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“The Bong” at Joshua Tree

By: Emily Weinstein

L’shanah tovah, fellow Bad Ass Climber Chicks! The sun has just set on what 99.8% of the world knows as September 4, 2013, but what Jewish people know as the first moment of the year 5774.

I personally did not know any of those numerical facts without Googling them, for though my last name is Weinstein, which is essentially a synonym for “Jew,” and though my blood is 100% Jewish, if you’re into that sort of thing–i.e., “racial purity,” which, I am always quick to point out, a guy named Hitler also was.

The Jews are sometimes referred to as “the tribe. ” I am not that deeply immersed in what is sometimes called “the tribe.” In fact, it wasn’t until I started climbing–while literally wandering the desert, which Jews have been known to do–that I found what I truly believe is my one true tribe. I speak not of the Jews, whom I expect comprise slightly more than 0.02% of this Facebook group, but of the climbers, who comprise 100% of this Facebook group.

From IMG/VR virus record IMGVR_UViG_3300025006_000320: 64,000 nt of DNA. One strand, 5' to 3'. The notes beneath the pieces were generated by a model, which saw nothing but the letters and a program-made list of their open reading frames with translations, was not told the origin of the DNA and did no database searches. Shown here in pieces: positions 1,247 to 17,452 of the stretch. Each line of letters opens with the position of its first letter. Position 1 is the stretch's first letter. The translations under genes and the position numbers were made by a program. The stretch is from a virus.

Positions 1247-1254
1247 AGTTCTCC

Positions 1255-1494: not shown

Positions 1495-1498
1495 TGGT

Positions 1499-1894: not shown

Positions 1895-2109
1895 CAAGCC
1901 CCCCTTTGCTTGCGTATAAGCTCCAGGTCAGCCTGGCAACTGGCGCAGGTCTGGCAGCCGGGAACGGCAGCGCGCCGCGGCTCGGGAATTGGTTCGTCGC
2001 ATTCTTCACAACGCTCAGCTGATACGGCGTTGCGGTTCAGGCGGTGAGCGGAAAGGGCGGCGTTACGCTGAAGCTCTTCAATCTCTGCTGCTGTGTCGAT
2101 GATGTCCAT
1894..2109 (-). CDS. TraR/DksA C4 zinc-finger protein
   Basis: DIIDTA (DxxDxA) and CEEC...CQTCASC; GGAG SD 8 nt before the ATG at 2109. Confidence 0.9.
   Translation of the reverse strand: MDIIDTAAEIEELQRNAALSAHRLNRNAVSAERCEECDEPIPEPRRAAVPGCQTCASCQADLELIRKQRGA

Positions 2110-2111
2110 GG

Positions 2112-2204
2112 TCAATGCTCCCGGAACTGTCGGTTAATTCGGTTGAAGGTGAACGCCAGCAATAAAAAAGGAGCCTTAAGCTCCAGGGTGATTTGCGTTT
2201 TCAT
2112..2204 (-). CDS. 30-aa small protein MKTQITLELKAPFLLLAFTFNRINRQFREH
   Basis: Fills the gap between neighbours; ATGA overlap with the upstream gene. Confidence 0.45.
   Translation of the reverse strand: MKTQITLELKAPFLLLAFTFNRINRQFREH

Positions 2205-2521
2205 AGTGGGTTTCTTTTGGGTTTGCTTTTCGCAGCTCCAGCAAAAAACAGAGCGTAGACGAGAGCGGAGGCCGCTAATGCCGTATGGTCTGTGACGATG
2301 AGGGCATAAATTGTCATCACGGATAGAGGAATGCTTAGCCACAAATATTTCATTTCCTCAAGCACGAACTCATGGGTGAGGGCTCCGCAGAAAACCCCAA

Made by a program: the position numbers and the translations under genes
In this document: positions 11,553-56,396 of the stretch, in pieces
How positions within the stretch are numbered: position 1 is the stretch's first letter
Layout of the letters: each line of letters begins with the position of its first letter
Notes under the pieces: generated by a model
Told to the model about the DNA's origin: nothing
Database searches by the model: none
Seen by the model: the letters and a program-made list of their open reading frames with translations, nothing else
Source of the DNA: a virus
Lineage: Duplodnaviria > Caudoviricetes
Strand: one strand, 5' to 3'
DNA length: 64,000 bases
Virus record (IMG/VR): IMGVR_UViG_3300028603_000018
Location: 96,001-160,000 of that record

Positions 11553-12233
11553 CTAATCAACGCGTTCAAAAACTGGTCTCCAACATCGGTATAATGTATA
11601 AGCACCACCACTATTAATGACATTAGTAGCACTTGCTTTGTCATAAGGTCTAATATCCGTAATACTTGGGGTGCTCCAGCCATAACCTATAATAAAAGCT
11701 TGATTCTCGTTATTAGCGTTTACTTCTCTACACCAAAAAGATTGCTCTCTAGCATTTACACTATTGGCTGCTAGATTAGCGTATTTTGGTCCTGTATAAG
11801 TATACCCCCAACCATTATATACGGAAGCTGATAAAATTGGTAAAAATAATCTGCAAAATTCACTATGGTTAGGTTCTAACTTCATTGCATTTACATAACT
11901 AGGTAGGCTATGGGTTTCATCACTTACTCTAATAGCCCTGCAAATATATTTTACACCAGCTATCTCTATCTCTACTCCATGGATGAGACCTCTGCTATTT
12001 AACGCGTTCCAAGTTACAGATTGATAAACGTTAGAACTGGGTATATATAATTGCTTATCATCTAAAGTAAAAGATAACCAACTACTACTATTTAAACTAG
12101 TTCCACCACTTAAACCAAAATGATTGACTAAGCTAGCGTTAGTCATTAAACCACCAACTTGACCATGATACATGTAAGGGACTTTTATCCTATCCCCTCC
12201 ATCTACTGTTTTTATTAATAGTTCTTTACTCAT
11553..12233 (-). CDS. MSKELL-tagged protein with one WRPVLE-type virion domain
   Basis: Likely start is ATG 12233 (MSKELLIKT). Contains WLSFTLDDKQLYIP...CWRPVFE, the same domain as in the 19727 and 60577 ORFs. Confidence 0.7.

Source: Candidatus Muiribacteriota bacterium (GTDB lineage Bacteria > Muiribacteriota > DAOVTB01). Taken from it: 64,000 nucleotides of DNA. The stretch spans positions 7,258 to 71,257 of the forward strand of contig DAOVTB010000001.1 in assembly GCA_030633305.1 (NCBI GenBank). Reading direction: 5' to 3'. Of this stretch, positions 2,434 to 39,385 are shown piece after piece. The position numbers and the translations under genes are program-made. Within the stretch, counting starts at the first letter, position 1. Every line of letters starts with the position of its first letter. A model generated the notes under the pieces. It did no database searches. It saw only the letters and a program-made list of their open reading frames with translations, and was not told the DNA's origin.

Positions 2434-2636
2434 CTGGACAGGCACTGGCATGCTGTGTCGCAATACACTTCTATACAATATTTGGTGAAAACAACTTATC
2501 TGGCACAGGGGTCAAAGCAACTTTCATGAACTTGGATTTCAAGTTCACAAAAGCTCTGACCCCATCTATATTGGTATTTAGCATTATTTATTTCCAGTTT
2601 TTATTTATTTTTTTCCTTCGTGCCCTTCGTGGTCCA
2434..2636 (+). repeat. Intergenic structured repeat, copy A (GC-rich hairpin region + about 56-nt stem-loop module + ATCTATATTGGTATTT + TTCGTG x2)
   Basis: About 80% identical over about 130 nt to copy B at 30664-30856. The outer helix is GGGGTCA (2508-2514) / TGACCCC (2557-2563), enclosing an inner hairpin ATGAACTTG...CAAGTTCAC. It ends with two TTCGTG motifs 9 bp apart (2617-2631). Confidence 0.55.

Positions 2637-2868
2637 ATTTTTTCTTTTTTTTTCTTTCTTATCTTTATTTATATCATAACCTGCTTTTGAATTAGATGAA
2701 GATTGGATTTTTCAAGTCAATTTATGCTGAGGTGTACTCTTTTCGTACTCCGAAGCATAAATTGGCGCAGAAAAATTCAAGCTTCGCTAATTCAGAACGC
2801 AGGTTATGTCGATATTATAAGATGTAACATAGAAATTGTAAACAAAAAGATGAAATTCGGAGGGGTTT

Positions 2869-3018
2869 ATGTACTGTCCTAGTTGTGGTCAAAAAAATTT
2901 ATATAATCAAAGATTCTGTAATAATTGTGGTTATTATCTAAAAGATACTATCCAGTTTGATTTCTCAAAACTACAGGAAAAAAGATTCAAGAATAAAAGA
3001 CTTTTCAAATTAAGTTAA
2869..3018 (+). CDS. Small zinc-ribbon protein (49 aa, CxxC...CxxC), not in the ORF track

We are some of the women of that tribe. Our numbers are comparatively small, though not as small as the Jews’. And our tribe, the climbing tribe, has much in common with the tribe whose New Year dawns, paradoxically, at sunset.

We are a tribal people. We are nomadic. We gather around fires. We observe rituals. We know one another by common dress and language. When we want to lay with someone, we invite them to our cave, or cave-shaped tent, or car. Or literally, a cave. We know of caves. This thing is primitive.

Both tribes have a history of being chased by people in uniform, and we have both spent time in the desert. That’s about where the similarities end.

Being a Jewish climber can be hard, because Jewish parents worry even more than other kinds of parents. This is because Jews worry even more than other kinds of people. But climbing can help with that, because climbing helps with worrying. Maybe not your parents’ worrying, but your own.